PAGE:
My fascination with visiting underground stations stemmed from being a regular visitor to London. One day, I wondered if it was possible to visit every stop in one day. I looked it up and found there was a Guinness World Record for it: currently 16 hours, 20 minutes and 27 seconds. I have attempted it around 20 times and my best time is 16 hours, 44 minutes and 15 seconds.
I must have visited around 22 underground and rapid transit systems around the world so far. My favourite is London as I have travelled on it the most, but Paris is also good because it is so dense. Barcelona is the only system I’ve come across that has a minute/second countdown system.
I did the Barcelona metro run about a year ago, visiting every station. It took me a total of four hours, 49 minutes and 45 seconds to complete, which was, as someone pointed out, quite a poetic time. I was staying down the road from the Sagrada Família, and remember walking past it on my way to the metro and feeling that it was magnificent, but I don’t go to the cities to see the sights: I just concentrate on their underground systems.
London and New York are the only networks that qualify under the Guinness rules, but I just appy their criteria and do it on my own. The train must stop at every station, but you don’t have to alight until it is time to change. I take the escalators to save time, but having a good basic fitness helps when running between lines.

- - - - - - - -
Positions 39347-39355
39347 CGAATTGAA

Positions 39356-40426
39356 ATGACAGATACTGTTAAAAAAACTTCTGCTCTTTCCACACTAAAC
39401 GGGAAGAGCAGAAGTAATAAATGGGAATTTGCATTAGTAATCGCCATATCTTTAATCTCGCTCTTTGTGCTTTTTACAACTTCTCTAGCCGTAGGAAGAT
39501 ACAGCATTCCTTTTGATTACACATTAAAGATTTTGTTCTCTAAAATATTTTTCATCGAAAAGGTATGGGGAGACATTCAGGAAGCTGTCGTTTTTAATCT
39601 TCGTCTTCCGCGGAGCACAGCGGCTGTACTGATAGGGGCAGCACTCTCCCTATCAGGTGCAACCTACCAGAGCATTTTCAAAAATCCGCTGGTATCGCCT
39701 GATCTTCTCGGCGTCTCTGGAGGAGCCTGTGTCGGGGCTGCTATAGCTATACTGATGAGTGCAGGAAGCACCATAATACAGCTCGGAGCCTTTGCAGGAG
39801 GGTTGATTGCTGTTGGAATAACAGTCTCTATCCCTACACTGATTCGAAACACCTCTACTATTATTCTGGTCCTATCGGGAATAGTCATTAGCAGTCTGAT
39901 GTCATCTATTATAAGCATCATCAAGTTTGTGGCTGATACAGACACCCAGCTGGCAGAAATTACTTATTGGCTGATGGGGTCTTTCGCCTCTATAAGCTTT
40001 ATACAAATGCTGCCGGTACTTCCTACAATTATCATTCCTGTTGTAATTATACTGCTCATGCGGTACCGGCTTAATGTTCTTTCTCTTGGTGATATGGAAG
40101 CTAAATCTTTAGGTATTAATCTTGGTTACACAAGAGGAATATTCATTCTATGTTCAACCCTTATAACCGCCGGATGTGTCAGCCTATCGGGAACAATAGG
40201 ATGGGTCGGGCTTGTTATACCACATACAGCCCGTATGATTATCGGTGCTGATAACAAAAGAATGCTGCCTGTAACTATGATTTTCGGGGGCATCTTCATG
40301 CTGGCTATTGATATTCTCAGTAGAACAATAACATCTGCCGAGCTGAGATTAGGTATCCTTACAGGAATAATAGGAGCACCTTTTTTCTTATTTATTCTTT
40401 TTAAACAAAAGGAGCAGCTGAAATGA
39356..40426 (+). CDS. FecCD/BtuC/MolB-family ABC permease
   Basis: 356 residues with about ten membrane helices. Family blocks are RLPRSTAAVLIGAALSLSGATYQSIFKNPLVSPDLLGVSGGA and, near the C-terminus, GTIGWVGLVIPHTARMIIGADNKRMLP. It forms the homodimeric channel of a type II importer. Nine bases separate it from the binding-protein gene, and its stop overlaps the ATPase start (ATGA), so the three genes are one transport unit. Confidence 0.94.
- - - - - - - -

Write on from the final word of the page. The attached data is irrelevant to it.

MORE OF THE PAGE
It is 30 percent planning and 70 percent luck—there are so many things that can go wrong. Red signals are the worst: once I waited 20 minutes for a signal to clear in London as there was a train stuck on the platform, but I wasn’t on a running mission that day so it didn’t matter.
I don’t go in for official accolades but occasionally I get picked up by the local press. The Toronto equivalent of 20 Minutos ran a cover story on me, for example, and I was given a plaque of a subway stop with my name on it by the Chicago Transit Authority. The Toronto thing was quite big, actually: I had a temporary fanbase for a couple of days, which was quite funny.
I never tell people I am going on a run. It is quite interesting to go away for several days and find out no one misses me, so when there has been press attention, people back home are usually surprised. I prefer to have what I call ‘secret pressure’.
I don’t usually talk to people when I am travelling, unless they show an interest in what I am doing. There is actually a lot to think about in terms of the route and the documentation. Some people Tweet while they are doing it, but I bloody hate the thing! If I am attempting a record, I will need a witness signature, but that is the only time I usually approach people.
When I am not doing this or working, I sit at home researching metro systems or search Google Street View. I spend many early hours going to different places, and looking up borders and time zones. I am probably the most boring person you are ever likely to